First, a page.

Skill growth: What did this sermon teach you about how to preach? ___________________________________

Exegesis and exposition: Highlight the paragraphs in this sermon that helped you better understand Scripture. How does the sermon model ways you could provide helpful biblical exposition for your hearers? ____________________________________________

Theological Ideas: What biblical principles in this sermon would you like to develop in a sermon? How would you adapt these ideas to reflect your own understanding of Scripture, the Christian life, and the unique message that God is putting on your heart? _______________________

Outline: How would you improve on this outline by changing the wording, or by adding or subtracting points? ______________________

Application: What is the main application of this sermon? What is the main application of the message you sense God wants you to bring to your hearers? ____________________________________________

Illustrations: Which illustrations in this sermon would relate well with your hearers? Which cannot be used with your hearers, but they suggest illustrations that could work with your hearers? ___________________________________________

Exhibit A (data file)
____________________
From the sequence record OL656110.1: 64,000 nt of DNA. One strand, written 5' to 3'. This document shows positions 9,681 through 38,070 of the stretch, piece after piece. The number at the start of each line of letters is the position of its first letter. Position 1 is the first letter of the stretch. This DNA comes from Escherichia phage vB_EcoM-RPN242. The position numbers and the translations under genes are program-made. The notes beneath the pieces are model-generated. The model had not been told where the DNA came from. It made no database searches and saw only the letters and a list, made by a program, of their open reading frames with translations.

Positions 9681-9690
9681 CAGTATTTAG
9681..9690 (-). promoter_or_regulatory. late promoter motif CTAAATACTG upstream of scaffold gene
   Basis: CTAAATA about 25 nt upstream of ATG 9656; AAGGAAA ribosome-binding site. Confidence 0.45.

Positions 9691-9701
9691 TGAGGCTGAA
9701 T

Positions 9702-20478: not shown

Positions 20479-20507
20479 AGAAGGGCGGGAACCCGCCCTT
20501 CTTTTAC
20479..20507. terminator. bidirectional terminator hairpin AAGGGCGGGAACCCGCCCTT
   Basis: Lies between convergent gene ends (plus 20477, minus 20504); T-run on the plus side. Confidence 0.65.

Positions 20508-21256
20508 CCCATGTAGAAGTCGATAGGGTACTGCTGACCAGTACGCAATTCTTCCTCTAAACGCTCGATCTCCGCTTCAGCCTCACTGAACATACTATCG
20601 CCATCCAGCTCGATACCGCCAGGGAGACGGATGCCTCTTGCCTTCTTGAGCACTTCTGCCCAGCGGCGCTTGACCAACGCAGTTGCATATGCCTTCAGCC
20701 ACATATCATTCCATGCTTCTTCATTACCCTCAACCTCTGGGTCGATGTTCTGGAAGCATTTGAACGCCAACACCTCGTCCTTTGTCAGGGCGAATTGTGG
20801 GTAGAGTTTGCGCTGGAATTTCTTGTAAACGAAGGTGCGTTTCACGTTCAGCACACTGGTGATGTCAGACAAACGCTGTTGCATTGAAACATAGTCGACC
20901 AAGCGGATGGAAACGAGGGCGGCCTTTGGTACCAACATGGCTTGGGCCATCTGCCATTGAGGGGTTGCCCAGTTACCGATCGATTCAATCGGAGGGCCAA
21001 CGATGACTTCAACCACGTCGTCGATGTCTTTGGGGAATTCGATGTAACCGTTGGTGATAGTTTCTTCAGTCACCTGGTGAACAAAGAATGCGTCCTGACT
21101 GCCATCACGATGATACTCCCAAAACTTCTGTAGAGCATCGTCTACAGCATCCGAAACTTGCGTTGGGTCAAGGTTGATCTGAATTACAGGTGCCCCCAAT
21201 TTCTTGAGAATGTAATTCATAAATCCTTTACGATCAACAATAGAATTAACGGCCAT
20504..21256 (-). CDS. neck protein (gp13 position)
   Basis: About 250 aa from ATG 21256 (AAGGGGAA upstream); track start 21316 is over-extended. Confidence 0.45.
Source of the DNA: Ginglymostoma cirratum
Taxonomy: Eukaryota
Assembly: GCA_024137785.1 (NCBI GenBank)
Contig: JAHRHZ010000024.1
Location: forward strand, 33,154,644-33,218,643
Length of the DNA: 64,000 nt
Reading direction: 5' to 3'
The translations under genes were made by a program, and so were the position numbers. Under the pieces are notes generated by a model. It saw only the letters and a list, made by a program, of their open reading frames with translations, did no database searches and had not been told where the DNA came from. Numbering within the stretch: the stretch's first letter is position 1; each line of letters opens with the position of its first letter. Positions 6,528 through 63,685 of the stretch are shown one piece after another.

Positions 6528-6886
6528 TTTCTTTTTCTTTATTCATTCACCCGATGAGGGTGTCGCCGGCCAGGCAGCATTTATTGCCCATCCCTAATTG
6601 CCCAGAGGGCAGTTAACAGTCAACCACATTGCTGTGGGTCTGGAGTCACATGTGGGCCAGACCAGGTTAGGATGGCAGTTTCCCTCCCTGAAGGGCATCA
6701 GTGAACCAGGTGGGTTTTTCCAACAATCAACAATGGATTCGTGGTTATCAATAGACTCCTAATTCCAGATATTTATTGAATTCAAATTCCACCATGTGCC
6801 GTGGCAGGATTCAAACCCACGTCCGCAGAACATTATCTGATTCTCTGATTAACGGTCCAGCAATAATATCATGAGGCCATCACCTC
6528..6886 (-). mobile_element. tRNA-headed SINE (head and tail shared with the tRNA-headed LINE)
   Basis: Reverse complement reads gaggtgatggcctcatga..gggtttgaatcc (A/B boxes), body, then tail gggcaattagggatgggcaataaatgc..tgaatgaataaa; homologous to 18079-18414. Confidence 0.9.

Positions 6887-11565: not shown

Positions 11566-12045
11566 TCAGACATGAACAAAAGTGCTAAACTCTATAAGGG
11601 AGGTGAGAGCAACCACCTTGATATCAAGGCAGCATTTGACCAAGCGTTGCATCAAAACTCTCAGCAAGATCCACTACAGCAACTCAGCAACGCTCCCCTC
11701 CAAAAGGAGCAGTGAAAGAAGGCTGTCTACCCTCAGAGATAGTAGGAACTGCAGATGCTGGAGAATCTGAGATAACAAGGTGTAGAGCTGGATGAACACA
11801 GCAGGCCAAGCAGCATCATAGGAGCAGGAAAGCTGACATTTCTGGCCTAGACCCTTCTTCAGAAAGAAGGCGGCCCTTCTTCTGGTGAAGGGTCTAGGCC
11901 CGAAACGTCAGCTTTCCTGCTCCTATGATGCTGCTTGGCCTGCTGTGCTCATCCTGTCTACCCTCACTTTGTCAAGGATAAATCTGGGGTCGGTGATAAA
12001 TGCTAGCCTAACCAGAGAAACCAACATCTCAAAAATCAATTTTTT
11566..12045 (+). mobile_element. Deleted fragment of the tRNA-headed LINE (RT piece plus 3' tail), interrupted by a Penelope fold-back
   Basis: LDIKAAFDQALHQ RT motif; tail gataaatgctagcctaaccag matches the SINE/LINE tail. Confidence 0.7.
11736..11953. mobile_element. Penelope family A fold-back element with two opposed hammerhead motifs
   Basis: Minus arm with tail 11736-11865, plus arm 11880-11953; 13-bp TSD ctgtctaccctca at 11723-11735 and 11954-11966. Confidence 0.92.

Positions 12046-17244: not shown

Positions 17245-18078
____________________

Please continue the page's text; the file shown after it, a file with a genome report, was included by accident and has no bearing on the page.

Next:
Credit: Do you plan to use the content of this sermon to a degree that obligates you to give credit? If so, when and how will you do it? (For help on what may require credit, see Plagiarism, Schmagiarism and Stolen Goods: Tempted to Plagiarize.

Stewart Ruch III is the rector of the Church of the Resurrection in Wheaton, Illinois and the bishop of the Midwest Diocese for the Anglican Church in North America.

Related sermons

A Strange Résumé

God turns our weakness into incredible strength.

Finding God in Desperate Places

Experiencing God's strength in our weakness
Sermon Outline:


Embryonic stem cell research is an issue of protecting the least of these.

I. The right to life is the civil rights issue of our day.

II. Ignorance is an enemy of the embryo.

III. Money is an enemy of the embryo.

IV. Satan is an enemy of the embryo.

V. The Lord and his church are advocates for the embryo.


Participate in this issue through intercession, education, and engagement in the public square.